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Labour Party

Opinion Care and community workers fill the gaps left by the State - they need a pay rise

We need to improve working conditions and pay for carers and community workers, writes Labour’s Duncan Smith.

THEY PROVIDE SOME  of our most essential frontline services, caring for the vulnerable and maintaining our communities. Despite this, tens of thousands of workers employed in community, voluntary, and section 39 organisations are in a dire situation.

Squeezed by the runaway cost of living crisis and stuck on the same rate of pay since 2008, they have no way of securing a pay rise – apart from taking strike action. Labour supports their actions.

Left with no other option, they took to picket lines this year in counties Cork, Kerry, Mayo, Galway, Donegal Waterford, and Dublin. I stood on picket lines from Charleville to Clontarf and the demands of these workers are simple – a pay rise for the first time in 14 years; safeguarding the vital services they provide and the return of the pay link which many of these workers had with the public service prior to 2008.

Established bodies

Some of the hundreds of organisations are well known: the Irish Wheelchair Association, the Rehab Group, Enable Ireland, St. Joseph’s Foundation, while others work in locally based organisations such as Ability West and Western Care which have evolved to meet the needs of their immediate community.

They provide a wide variety of services including personal care, crisis intervention, meals on wheels, youth clubs and many other essential schemes. What unites this diverse group of workers is that they fill the gaps left by the State. They are often a lifeline for the most marginalised people in our society.

Care workers in Section 39 and similar organisations provide an immeasurable contribution to society, filling the gaps left by the State, providing a range of vital health and personal social services.

The wheels of care in this State could not turn without them. It’s time that they were treated fairly by this government. The Labour Party is demanding that the Government stops dodging its responsibility and gives these essential frontline workers the equal pay they so deserve.

Washing their hands

The Government has consistently refused to accept any responsibility for pay and conditions of employment in these organisations, claiming that the State is not the employer.

This has resulted in workers in the community sector and Section 39 organisations having the worst of both worlds, many were treated as public servants when the Government reduced their pay in the aftermath of the 2008 economic crisis, but when it comes to pay increases the Government pulls down the corporate veil and refuses to take any responsibility for pay and conditions.

Organisations in the sector are also facing a staff retention crisis due to the uncompetitive nature of pay and their sub-standard conditions of employment. Government is failing to grasp the link between its chronic underfunding of the wages of workers in these organisations and the failure to meet recruitment targets in, for example, disability services.

These are the same organisations struggling to attract enough qualified and experienced staff in a very tight labour market. Why? Because they can get better-paid work elsewhere.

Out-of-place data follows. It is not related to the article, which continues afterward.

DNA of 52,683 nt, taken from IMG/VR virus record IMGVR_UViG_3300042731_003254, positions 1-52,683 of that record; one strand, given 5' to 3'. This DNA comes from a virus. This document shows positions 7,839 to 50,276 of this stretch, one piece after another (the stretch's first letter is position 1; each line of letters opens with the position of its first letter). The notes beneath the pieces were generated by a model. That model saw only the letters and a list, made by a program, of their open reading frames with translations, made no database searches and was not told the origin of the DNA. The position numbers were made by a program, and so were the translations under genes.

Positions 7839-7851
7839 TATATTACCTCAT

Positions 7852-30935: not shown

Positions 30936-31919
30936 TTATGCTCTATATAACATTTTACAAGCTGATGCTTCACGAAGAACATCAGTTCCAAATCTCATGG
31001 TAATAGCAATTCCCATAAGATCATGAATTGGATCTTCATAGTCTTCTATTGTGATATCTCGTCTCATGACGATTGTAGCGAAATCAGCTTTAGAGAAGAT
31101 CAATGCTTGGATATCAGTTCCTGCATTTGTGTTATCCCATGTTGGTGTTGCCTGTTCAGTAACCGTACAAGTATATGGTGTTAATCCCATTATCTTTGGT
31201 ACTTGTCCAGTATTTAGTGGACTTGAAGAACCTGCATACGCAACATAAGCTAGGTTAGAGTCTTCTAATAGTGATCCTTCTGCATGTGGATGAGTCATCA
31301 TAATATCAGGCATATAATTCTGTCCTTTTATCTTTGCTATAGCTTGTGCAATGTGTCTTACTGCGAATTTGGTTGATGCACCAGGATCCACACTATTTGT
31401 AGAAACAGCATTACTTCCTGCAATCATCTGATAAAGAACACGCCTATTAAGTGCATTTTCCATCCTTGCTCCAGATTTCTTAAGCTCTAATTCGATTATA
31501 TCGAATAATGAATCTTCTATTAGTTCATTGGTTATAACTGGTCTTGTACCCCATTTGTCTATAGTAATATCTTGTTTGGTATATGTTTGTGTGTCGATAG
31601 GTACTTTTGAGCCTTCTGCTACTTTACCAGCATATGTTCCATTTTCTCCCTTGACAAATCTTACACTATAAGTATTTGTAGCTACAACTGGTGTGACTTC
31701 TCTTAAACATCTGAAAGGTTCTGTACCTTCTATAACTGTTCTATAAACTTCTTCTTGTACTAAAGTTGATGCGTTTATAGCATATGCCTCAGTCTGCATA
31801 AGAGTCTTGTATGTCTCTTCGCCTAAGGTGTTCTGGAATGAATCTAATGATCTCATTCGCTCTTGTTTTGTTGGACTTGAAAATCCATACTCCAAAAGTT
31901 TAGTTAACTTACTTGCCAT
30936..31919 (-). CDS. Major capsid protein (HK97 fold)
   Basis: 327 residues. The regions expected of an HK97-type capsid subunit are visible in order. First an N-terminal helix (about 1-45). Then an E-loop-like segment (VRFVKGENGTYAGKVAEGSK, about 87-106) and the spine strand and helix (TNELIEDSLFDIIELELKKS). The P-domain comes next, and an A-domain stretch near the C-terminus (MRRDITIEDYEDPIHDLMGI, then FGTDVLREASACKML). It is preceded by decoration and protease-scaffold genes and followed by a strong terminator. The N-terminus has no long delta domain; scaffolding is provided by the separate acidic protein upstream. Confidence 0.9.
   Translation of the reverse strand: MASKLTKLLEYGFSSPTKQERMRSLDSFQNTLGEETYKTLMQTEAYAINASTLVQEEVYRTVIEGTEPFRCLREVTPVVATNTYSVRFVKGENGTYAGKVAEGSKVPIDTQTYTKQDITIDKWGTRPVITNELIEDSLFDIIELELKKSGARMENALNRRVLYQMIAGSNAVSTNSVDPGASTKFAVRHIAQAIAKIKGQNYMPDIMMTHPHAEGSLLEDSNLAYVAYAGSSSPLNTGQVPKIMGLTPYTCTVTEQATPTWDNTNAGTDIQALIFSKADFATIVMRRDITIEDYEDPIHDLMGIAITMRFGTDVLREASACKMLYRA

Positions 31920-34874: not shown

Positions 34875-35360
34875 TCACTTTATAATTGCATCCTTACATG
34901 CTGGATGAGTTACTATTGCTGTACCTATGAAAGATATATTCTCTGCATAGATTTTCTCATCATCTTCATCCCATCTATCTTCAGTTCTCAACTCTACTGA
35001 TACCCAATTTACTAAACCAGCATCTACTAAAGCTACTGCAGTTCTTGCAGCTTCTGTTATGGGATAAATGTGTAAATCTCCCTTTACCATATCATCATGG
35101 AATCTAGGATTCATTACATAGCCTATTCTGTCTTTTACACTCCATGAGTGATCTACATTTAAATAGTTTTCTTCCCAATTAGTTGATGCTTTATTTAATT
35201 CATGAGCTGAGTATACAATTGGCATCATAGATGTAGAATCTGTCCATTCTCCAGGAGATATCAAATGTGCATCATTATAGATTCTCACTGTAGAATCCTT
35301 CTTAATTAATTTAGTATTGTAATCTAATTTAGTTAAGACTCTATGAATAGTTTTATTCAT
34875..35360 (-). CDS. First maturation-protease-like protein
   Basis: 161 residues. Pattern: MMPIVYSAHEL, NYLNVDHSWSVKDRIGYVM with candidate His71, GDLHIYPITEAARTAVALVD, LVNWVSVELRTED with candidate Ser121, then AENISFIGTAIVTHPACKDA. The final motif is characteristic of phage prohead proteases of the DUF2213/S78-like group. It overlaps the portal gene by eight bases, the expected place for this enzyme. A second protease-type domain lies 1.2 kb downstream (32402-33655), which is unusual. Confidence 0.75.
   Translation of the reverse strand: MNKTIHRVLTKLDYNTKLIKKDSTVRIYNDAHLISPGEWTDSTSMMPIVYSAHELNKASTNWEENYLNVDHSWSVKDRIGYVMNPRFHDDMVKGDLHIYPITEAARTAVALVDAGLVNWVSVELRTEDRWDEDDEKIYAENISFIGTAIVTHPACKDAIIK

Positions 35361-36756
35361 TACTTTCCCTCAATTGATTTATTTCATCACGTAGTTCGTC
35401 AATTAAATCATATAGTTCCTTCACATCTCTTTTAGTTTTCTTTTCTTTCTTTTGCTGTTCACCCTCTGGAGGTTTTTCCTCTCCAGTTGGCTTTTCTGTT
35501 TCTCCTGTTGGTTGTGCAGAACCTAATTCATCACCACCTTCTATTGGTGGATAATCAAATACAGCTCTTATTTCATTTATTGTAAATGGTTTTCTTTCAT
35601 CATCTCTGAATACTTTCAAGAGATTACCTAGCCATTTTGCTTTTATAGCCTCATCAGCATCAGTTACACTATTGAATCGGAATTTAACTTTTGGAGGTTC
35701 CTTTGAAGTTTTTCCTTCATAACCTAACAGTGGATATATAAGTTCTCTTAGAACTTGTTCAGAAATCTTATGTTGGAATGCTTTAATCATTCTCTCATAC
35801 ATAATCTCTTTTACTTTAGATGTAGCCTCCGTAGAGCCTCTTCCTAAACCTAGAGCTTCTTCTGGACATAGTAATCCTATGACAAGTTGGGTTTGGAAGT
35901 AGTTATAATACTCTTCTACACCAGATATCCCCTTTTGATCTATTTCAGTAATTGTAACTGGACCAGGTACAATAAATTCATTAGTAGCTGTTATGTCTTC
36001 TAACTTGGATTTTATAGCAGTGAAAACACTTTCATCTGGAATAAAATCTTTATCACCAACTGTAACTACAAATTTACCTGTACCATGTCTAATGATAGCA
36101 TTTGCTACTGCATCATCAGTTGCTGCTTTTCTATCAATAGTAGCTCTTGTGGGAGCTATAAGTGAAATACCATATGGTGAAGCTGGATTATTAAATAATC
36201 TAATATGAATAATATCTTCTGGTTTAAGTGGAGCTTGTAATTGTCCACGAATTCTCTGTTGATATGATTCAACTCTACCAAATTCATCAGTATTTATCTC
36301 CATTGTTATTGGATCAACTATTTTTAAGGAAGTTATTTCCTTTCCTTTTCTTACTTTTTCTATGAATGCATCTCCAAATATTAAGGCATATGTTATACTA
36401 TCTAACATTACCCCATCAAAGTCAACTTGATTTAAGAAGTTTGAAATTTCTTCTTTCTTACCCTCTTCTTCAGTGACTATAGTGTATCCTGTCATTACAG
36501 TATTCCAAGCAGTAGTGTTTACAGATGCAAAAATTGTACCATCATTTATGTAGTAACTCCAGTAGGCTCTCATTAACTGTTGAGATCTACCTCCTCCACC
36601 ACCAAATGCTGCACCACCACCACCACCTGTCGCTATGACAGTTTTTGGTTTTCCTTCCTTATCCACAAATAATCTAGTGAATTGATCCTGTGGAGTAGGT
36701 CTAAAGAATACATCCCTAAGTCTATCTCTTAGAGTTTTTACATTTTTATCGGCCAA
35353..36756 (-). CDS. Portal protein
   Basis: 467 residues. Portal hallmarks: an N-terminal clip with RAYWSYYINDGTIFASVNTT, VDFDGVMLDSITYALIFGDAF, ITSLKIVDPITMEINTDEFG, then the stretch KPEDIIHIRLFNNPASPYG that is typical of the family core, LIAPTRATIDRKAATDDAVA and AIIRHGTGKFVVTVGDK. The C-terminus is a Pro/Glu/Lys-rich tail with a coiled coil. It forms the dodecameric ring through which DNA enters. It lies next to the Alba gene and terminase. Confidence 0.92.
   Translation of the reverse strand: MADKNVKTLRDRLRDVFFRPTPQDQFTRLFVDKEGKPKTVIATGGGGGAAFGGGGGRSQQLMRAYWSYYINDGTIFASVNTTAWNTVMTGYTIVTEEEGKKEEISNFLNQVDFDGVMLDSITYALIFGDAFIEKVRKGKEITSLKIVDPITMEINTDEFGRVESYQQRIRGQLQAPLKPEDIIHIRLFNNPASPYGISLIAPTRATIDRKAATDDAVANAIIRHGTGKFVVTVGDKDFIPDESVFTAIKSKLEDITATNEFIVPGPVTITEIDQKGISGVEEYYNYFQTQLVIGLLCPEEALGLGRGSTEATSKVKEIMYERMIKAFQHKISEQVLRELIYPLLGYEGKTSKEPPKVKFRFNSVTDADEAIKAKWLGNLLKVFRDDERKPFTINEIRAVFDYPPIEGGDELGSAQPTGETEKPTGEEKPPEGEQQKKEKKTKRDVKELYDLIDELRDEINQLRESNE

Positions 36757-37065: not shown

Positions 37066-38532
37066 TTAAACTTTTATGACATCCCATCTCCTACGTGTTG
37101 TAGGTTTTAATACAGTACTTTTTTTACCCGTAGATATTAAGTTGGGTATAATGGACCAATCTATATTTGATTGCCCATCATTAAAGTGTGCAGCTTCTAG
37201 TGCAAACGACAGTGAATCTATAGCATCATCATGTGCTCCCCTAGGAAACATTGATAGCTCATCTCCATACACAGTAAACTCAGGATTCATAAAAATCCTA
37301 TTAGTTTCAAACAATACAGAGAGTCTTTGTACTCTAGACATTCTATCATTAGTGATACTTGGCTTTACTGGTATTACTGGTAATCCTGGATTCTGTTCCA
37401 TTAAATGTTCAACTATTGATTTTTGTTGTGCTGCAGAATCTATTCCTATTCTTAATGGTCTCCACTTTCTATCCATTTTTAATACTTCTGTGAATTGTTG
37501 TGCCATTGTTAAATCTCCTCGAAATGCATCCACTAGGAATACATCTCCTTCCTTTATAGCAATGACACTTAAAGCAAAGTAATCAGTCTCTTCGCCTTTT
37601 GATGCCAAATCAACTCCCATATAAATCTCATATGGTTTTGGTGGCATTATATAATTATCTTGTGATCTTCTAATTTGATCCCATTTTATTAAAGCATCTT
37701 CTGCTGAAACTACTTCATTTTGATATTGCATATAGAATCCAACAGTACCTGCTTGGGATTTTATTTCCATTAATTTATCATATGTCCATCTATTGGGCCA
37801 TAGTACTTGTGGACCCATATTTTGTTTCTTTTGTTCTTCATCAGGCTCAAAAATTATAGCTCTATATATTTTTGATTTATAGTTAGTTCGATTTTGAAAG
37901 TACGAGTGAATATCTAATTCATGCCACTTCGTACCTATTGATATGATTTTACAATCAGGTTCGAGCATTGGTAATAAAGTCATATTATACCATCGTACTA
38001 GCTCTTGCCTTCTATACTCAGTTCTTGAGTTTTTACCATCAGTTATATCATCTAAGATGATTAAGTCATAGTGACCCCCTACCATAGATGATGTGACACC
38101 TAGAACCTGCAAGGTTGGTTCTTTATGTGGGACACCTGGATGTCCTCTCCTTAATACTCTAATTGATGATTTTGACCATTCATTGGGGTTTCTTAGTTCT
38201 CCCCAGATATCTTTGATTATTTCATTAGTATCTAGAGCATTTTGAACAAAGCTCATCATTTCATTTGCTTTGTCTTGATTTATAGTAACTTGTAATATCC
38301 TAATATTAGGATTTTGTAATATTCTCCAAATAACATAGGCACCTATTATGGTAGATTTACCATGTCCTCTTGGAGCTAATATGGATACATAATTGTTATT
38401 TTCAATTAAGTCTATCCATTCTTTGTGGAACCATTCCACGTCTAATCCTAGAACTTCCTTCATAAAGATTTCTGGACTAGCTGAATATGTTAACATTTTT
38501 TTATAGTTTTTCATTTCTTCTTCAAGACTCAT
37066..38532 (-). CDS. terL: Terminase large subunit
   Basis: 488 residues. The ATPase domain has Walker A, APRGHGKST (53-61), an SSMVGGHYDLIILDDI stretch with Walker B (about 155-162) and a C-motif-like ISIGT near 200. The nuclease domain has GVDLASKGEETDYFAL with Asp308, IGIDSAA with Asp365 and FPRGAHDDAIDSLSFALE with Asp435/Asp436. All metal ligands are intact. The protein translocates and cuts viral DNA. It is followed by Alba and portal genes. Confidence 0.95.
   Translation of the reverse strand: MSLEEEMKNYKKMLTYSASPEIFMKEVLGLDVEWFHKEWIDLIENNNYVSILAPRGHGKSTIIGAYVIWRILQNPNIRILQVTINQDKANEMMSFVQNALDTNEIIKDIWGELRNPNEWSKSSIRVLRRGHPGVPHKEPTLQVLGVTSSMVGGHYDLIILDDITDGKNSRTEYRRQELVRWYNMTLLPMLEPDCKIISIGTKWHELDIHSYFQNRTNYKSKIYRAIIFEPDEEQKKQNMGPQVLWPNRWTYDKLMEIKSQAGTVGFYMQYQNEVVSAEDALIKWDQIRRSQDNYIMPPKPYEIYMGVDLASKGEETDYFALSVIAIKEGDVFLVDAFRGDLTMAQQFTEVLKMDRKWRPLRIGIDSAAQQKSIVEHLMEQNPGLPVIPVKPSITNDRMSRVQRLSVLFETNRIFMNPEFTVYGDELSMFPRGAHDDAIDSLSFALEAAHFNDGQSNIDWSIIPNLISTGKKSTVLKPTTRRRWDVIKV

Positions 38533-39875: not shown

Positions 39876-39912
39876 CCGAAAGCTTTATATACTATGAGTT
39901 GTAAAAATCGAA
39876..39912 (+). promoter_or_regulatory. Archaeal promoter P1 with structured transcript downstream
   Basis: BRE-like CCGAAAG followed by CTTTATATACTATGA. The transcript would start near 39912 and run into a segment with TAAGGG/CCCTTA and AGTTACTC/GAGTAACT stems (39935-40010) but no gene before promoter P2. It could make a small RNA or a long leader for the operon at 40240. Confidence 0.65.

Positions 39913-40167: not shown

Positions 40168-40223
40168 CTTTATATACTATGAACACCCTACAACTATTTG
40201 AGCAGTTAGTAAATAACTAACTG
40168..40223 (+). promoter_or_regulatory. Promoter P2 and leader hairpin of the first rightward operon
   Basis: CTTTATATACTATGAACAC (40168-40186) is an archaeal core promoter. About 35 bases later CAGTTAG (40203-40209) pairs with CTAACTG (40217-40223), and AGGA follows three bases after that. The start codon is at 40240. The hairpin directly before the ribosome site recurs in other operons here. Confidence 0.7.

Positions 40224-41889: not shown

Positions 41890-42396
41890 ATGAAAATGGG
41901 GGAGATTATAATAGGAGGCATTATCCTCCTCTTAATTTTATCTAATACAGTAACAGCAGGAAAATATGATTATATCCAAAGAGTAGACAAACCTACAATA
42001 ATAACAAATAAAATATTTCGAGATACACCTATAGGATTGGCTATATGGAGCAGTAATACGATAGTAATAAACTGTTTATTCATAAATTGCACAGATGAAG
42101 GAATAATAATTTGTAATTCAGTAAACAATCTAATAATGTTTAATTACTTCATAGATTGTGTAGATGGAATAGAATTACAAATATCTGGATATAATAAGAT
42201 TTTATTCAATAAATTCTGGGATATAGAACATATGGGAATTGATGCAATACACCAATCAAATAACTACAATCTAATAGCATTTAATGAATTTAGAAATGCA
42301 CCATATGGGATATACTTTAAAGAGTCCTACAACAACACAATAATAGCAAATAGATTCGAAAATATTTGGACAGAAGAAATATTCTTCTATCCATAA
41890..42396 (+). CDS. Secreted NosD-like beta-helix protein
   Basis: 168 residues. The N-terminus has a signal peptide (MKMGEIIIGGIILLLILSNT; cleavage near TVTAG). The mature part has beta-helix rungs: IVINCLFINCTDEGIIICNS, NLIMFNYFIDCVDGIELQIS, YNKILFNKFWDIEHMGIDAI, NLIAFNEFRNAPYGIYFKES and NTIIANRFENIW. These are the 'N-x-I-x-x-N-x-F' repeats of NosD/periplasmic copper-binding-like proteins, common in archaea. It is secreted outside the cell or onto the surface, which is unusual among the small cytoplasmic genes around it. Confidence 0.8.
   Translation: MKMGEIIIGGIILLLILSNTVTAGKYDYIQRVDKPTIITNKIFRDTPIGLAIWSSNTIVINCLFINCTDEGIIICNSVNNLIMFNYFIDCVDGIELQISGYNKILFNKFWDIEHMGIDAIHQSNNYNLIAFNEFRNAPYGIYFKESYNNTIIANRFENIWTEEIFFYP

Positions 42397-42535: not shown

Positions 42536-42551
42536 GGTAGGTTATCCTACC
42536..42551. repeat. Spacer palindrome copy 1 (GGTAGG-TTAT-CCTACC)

The failure to fund the services adequately has led directly to shortfalls in services and growing waiting lists. It also leaves our members feeling undervalued and not recognised by our Government for the invaluable work they do.

What can be done?

The solution to this situation is quite simple. The Government must sit down with the unions which represent these workers and agree a way forward which ensures they receive the pay increases they deserve and the services they provide are protected. Despite numerous requests this is something the Government has refused to do.

This refusal to engage with workers’ representatives is all the more disappointing in the context of an EU directive which is due to be transposed later this year.

The draft directive stipulates that where countries have collective bargaining coverage below 70%, they must put in place a framework for the enablement of collective bargaining to take place. Collective bargaining coverage in Ireland is just over 30 per cent.

Last week, workers were given a real boost by the work of the High-Level group on Collective Bargaining and its recommendations. Labour wants to see the recommendations of this landmark report implemented in full and without any unnecessary delay.

If the Government is serious about living up obligations to improve collective bargaining coverage it should provide a mechanism to the community, care and voluntary sector immediately. Until this is done the Valuing Care, Valuing Community campaign will be forced to expand and escalate its actions with the full support of workers who have said ‘enough is enough’.

Change can only come by the Government agreeing to increase funding to their organisations which is what Labour will demand in our Private Members Motion this morning. We need support from the entire Opposition.

We need the Government to do as it did prior to 2008 which was to provide increases in funding to most Section 39 care and community organisations at a level which allowed them to then pay the wage increases agreed upon as part of national public service pay agreements.

Nothing less will do.

Duncan Smith is a Labour TD and spokesperson on Health and Disability.

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